A service animal is a dog (or in some cases a miniature horse) that is individually trained to do work or perform tasks for the benefit of an individual with a disability. These tasks include but not limited to: guiding individuals with impaired vision; alerting individuals who are hearing impaired to intruders or sound; pulling a wheelchair; or fetching dropped items.
An assistance animal, also known as an emotional support animal, is an animal selected to play an integral part of a person’s treatment process. Such an animal must demonstrate a good temperament and reliable, predictable behavior. An assistance animal is prescribed to an individual with a disability by a healthcare or mental health professional. An assistance animal is not a service animal. Unlike a service animal, an assistance animal does not assist a person with a disability with activities of daily living, nor does it accompany a person with a disability at all the times. However, an assistance animal may be incorporated into a treatment process to assist in alleviating the symptoms of that individual’s disability. This treatment occurs within the person’s residence and therefore may be considered for access to campus housing.
A pet is an animal kept for ordinary use and companionship. A pet is not considered a service animal or an emotional support animal, and therefore, it is not covered by this policy. Non-approved pets are not permitted on college property. For further details about approved and non-approved pets, see the Pet Policy.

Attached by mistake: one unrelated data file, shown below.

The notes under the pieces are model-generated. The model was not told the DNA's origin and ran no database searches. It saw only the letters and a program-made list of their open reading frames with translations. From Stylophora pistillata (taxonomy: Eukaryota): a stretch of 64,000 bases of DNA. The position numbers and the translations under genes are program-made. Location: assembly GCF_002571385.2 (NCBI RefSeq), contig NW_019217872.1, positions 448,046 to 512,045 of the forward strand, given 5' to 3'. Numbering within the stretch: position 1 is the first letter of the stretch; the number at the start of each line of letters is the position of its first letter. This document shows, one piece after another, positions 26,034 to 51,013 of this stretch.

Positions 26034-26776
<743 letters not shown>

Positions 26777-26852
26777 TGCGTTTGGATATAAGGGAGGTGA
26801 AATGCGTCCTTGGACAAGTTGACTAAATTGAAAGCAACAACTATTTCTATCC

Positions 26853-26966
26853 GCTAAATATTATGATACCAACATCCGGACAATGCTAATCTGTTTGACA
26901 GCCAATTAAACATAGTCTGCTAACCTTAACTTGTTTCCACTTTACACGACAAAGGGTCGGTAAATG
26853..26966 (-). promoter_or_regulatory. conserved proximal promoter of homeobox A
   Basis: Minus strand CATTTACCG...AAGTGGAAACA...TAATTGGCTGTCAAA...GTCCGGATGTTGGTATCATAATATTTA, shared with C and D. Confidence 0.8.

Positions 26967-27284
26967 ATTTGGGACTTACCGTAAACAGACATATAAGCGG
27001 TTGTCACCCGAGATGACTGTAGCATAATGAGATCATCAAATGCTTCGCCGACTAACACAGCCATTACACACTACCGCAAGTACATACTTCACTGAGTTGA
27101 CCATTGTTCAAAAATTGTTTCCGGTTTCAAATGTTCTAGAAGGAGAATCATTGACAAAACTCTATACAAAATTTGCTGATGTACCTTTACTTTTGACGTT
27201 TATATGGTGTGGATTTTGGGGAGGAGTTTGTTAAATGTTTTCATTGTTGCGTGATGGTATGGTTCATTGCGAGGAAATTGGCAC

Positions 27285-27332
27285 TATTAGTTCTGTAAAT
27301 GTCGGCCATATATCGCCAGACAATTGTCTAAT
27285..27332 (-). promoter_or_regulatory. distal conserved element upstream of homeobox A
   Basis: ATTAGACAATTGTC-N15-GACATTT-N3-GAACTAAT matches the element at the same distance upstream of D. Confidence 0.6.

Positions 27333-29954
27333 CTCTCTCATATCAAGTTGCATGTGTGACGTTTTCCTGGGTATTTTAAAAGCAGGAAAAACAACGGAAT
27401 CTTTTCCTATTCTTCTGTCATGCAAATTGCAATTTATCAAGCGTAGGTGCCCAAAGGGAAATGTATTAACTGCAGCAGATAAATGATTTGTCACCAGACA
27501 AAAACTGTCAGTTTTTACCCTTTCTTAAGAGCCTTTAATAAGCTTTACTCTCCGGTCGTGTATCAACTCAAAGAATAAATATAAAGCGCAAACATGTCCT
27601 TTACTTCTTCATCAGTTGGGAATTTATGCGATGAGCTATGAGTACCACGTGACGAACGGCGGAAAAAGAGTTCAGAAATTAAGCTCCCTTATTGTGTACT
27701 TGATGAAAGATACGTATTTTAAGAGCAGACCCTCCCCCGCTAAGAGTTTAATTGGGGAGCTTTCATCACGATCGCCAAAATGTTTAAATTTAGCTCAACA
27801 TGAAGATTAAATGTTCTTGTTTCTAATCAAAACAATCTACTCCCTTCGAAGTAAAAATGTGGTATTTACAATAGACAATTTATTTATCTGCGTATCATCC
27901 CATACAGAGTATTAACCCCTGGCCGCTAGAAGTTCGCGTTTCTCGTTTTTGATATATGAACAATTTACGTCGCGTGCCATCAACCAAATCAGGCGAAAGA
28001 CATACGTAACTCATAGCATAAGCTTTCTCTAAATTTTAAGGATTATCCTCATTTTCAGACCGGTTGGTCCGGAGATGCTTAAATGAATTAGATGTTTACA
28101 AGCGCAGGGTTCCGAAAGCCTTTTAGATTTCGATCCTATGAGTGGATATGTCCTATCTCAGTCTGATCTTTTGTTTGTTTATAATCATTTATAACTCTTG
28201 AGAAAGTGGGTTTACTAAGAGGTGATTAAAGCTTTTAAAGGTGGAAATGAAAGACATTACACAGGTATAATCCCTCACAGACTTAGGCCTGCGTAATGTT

Service Animals and Assistance Animals in Campus Housing
Many people with disabilities use a service animal in order to fully participate in everyday life. Dogs can be trained to perform many important tasks to assist people with disabilities, such as providing stability for a person who has difficulty walking, picking up items for a person who uses a wheelchair, or alerting a person who has hearing loss when someone is approaching from behind. The ADA requires State and local government agencies, businesses, and non-profit organizations (covered entities) that provide goods or services to the public to make “reasonable modifications” in their policies, practices, or procedures when necessary to accommodate people with disabilities. The service animal rules fall under this general principle. Accordingly, entities that have a “no pets” policy generally must modify the policy to allow service animals into their facilities.